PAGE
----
I have some issue to solve following exercise. The exercise is from a French book on Algebra (cours d'Algèbre) from Jean Querré. The book is from the 1970's.

If the center $Z(G)$ of a group $G$ is cyclic and $G/Z(G)$ is commutative then there exists a group $H$ such that $H \times H$ is isomorphic to $G/Z(G)$.

  • $\begingroup$ Is $G$ finite or possibly infinite? $\endgroup$ Jun 28, 2015 at 2:31
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    $\begingroup$ In particular case , If $G$ be abelian then $Z(G)=G$ and $H=\{1\}$.(in this case $Z(G)$ is not nessecery cyclic) $\endgroup$ Jun 28, 2015 at 2:52
  • $\begingroup$ @Matt Samuel Nothing special is mentionned in the exercise regarding the group cardinal. $\endgroup$ Jun 28, 2015 at 13:01
  • $\begingroup$ The paper Groups with preassigned central and central quotient group by Baer should be useful, see corollary 7.2. $\endgroup$ Jun 29, 2015 at 11:50

1 Answer 1


This answer is almost complete and I think (read hope) that it's correct up to the point where I get stuck. (I've posted this as an answer because it's too long for a comment and I should go to bed.)

It suffices by the first isomorphism theorem to find a group $H$ and a surjective homomorphism $\theta : G \to H \times H$ for which $\ker \theta = Z(G)$.

By spelling out the definitions it is easy to see that $G/Z(G)$ is commutative if and only if $g^{-1}h^{-1}gh \in Z(G)$ for all $g,h \in G$, which occurs if and only if $[G,G] \le Z(G)$, where $[G,G]$ is the commutator subgroup of $G$.

This implies that the map $G \to [G,G]$ defined by $x \mapsto g^{-1}x^{-1}gx$ is a homomorphism for fixed $g \in G$, since if $y \in G$ then $$\begin{align} (g^{-1}x^{-1}gx)(g^{-1}y^{-1}gy) &= g^{-1}(x^{-1}gxg^{-1})y^{-1}gy \\ &= g^{-1}y^{-1}(x^{-1}gxg^{-1})gy \\ &= g^{-1}y^{-1}x^{-1}gxy \\ &= g^{-1}(xy)^{-1}g(xy) \end{align}$$ Likewise the map $x \mapsto x^{-1}h^{-1}xh$ is a homomorphism for fixed $h \in G$.

Since $Z(G)$ is cyclic, so is $[G,G]$, and hence it is generated by a single element $g^{-1}h^{-1}gh$ for some $g,h \in G$.

Fix $g,h \in G$ such that $[G,G] = \langle g^{-1}h^{-1}gh \rangle$. Let $H = [G,G]$ and define $\theta : G \to [G,G] \times [G,G]$ by $$\theta(x) = (g^{-1}x^{-1}gx, x^{-1}h^{-1}xh)$$ Now

  • We know $\theta$ is a homomorphism by above remarks.
  • $\theta$ is surjective. Indeed, if $a \in [G, G] \times [G, G]$ then there exist $m,n$ such that $$a = ( (g^{-1}h^{-1}gh)^m, (g^{-1}h^{-1}gh)^n )$$ But $\theta(h) = ( g^{-1}h^{-1}gh, 1 )$ and $\theta(g) = ( 1, g^{-1}h^{-1}gh )$, so $$a = \theta(h)^m\theta(g)^n = \theta(h^mg^n)$$ hence $a \in \mathrm{im}\, \theta$.
  • (This is where I get stuck.) We need to show that $\ker \theta = Z(G)$. The $\supseteq$ direction is obvious. For $\subseteq$, suppose $x \in \ker \theta$ and let $y \in G$. We need to show $xy=yx$. Well $x \in \ker \theta$ implies $xg=gx$ and $xh=hx$, so $x$ commutes with $g$ and $h$ (and their inverses). I'm sure a bit more hacking would yield $xy=yx$ but I haven't quite managed to do it. The fact that $x^{-1}y^{-1}xy \in [G,G]$ and hence $x^{-1}y^{-1}xy = (g^{-1}h^{-1}gh)^n$ for some $n$ should be useful.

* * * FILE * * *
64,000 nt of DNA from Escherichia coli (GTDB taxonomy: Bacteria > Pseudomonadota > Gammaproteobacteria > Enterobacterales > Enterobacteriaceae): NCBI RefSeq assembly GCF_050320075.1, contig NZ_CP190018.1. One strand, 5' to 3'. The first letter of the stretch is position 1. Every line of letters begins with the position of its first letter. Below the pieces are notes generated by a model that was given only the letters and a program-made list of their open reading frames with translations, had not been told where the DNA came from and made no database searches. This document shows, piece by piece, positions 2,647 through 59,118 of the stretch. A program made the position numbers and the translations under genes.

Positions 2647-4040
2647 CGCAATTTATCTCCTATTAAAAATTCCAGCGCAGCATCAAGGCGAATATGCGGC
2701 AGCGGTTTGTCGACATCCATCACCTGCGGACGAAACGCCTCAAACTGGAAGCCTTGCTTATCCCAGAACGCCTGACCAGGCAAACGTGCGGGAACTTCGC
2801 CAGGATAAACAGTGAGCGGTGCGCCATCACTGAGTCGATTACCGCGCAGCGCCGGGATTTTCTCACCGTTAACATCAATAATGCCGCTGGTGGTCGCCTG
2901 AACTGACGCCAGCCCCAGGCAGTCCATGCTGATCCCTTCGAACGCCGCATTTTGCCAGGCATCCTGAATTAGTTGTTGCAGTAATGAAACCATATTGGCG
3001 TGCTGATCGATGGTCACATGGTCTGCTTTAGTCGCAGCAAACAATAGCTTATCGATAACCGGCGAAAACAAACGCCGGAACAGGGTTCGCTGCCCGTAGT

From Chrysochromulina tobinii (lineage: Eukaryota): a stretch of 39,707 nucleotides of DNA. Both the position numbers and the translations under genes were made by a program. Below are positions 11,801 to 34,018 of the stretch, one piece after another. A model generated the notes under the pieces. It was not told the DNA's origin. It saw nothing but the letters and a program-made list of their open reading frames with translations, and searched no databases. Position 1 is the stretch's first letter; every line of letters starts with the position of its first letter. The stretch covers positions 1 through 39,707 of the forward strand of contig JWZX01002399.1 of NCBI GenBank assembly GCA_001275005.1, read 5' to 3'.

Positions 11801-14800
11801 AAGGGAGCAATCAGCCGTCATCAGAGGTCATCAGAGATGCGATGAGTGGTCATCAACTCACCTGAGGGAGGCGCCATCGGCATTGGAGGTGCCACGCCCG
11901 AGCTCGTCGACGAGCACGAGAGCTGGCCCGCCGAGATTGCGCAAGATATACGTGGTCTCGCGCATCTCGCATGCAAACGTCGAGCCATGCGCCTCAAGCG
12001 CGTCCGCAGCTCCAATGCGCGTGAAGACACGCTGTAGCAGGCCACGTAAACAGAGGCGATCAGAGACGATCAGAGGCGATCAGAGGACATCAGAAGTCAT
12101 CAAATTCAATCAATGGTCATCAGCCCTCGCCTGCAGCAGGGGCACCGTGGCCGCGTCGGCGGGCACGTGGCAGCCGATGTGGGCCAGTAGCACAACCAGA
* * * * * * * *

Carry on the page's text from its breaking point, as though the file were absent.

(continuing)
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    $\begingroup$ A $p$-group $P$ is called special if its center $Z(P)$, derived subgroup $P'$ and Frattini subgroup $\Phi(P)$ are all equal. If this subgroup is additionally cyclic, then $P$ is called extraspecial. As there are extraspecial groups of order $p^n$ for all odd n and primes $p$, you won't be able to finish your proof with $H = G'$. Try looking at a maximal abelian subgroups $A$ of $G$ instead, and see if $H = A/Z(G)$ works. $\endgroup$
    – j.p.
    Jun 28, 2015 at 14:16
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    $\begingroup$ On second thought, taking a maximal abelian subgroup won't work. Instead assuming $G$ finite, I'd reduce to the case $G$ being a $p$-group. $(g, h)\mapsto [g, h]$ induces a non-degenerate skew-symmetric bilinear map $G/Z\times G/Z \to G'$. I'd induct on the order of $G/Z$ by finding a matching element for an element of $G/Z$ of maximal order. $\endgroup$
    – j.p.
    Jun 29, 2015 at 15:29
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    $\begingroup$ I think the finite case, and even the finitely generated case, is relatively easy. For the general case you probably need to take a maximal subgroup that does decompose in the required way and then show it has to be the whole group. I tried to write it down but I didn't get the details right. $\endgroup$
    – Derek Holt
    Jun 30, 2015 at 7:33
  • $\begingroup$ @DerekHolt: Any chance that you'll give it a second try? The infinite case would interest me. Thanks! $\endgroup$
    – j.p.
    Jul 10, 2015 at 16:24

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